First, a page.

The second time I had grains during my grain free trial was a few days ago at PF Chang’s. We ordered off of their gluten free menu and every- single-thing, was fabulous. I wish I would have taken pictures for you!

When the veggies are aldente, add a heaping couple of handfuls of fresh spinach and grate a clove of garlic over it.

When the veggies are aldente, add a heaping couple of handfuls of fresh spinach and grate a clove of garlic over it.

But long story short, I had zero reaction to that food and ate probably a half a cup of brown rice along with gluten free condiments, seasonings, etc. So I’m guessing the restuarant near us, is not as gluten free as they claim to be.

Toss until it's all wilted.

Toss until it’s all wilted.

Add a few pinches of your favorite seasoning.

Add a few pinches of your favorite seasoning.

The possible silver lining to this food allergy cloud is that I may be able to enter grains (occasionally) back into my diet with no adverse effects.

We’ll see.

Fluff the quinoa with a fork.

Fluff the quinoa with a fork.

Add the quinoa to the vegetable mixture and season with salt and pepper to taste.

Add the quinoa to the vegetable mixture and season with salt and pepper to taste.

I’ve been very truthful about how I feel about the whole grain free and Paleo “thing”. It’s annoying to say the least. And so far during this grain free trial, I notice the blanched almond flour bothers my joints more than anything. Yesterday we had paleo pasta made with almond flour (I’ll post a review soon) and paleo chocolate chip cookie dough made with almond flour. I felt terrible when I woke up this morning. Swollen, painful, hands and knees, headache, puffy. The typical allergy response to something your body doesn’t care for.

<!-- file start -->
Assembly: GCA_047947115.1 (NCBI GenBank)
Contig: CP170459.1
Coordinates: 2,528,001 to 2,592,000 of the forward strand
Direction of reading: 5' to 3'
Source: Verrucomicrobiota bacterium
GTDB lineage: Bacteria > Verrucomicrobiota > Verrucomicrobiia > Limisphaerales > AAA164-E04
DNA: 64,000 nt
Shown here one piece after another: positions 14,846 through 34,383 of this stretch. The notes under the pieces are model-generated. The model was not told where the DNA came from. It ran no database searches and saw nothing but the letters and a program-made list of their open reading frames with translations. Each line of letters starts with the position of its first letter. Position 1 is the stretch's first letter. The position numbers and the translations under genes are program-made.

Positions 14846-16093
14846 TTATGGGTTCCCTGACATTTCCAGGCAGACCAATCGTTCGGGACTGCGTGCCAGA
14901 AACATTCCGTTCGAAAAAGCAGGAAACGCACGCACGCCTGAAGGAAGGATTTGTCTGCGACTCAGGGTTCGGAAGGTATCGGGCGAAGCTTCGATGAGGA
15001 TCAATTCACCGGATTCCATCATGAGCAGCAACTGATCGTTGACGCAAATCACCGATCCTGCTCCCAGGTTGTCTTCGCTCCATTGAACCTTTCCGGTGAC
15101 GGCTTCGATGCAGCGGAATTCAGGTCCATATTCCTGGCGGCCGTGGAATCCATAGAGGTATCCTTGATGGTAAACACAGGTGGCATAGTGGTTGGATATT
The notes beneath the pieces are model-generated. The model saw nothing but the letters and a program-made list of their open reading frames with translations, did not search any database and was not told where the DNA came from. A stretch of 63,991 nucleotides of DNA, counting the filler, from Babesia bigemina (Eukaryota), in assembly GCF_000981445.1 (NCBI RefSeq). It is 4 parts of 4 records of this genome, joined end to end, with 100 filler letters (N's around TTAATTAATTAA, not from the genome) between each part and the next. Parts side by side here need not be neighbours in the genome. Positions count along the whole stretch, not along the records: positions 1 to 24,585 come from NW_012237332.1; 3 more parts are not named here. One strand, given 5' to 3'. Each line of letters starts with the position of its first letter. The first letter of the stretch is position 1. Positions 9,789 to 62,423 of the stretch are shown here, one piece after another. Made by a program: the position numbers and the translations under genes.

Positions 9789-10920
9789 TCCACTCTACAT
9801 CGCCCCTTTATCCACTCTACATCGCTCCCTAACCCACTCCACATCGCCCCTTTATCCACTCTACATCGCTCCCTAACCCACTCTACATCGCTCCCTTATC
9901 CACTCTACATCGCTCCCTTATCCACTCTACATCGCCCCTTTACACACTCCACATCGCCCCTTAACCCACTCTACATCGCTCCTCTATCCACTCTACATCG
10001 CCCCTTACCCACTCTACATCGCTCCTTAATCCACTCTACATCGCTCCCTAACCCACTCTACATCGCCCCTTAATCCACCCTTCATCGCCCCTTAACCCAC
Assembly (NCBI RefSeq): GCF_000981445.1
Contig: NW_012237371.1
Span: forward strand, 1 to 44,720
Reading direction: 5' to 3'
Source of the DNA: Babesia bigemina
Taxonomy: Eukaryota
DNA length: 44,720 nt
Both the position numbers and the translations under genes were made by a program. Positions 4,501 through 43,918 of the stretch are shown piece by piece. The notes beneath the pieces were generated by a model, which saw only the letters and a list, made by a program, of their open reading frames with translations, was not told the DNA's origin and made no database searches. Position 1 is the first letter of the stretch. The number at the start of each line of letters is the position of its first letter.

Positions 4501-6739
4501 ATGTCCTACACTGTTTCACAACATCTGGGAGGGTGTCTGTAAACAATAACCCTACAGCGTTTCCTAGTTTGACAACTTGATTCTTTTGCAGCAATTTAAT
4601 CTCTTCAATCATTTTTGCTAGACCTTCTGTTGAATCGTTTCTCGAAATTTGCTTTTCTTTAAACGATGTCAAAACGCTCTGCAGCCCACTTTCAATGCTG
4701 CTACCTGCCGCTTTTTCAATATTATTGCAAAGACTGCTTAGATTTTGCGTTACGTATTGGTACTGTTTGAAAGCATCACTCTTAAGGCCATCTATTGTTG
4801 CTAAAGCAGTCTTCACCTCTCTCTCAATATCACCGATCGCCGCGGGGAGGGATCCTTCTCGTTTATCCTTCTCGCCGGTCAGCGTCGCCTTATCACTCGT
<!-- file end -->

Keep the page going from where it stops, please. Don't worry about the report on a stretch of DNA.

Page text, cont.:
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At first when I went off of the grains I noticed a major difference in joint swelling and pain. However, the main flour I was using was Mama’s All Purpose Almond Flour. There are other ingredients as well, so I just assumed it was the rice and the thought that I may possibly be bothered by almonds never even crossed my mind. I guess I’ll never know for sure until I’m tested. Another thing to go on the “to-do” list when we are properly insured.

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So I’ll start experimenting a little at a time. A healthy, happy, food balance is all I’m looking for.

Aren’t we all!

Tuna & Sauerkraut on Paleo Herb Bread

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No, I’m not pregnant.

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We can all breathe a collective sigh of relief over that one. That would be quite the surprise for my upcoming 46th birthday, wouldn’t it?

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Nope, not pregnant but I am craving some interesting things. I told you a few posts ago that I was going to be tweaking my diet some more and trying to battle the Lyme Disease symptoms with food.

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I can tell you that going off of all grains and refined sugar (except for extremely special occasions) makes you crave some interesting things. Like sauerkraut and tuna fish, for some reason.

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I started a Paleo diet last Monday. Today I had finally hit my limit of protein, vegetables, and fruit. So I grabbed my new Against All Grain cookbook and set out to see if I could find something I could sink my teeth into that didn’t crunch, moo, or cluck.

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I found a recipe for her hamburger buns. A little tweaking, and I had the perfect “bread” snack.  I made three little mini sandwich loaves. Lowered the salt, added lots of herbs, and came up with this.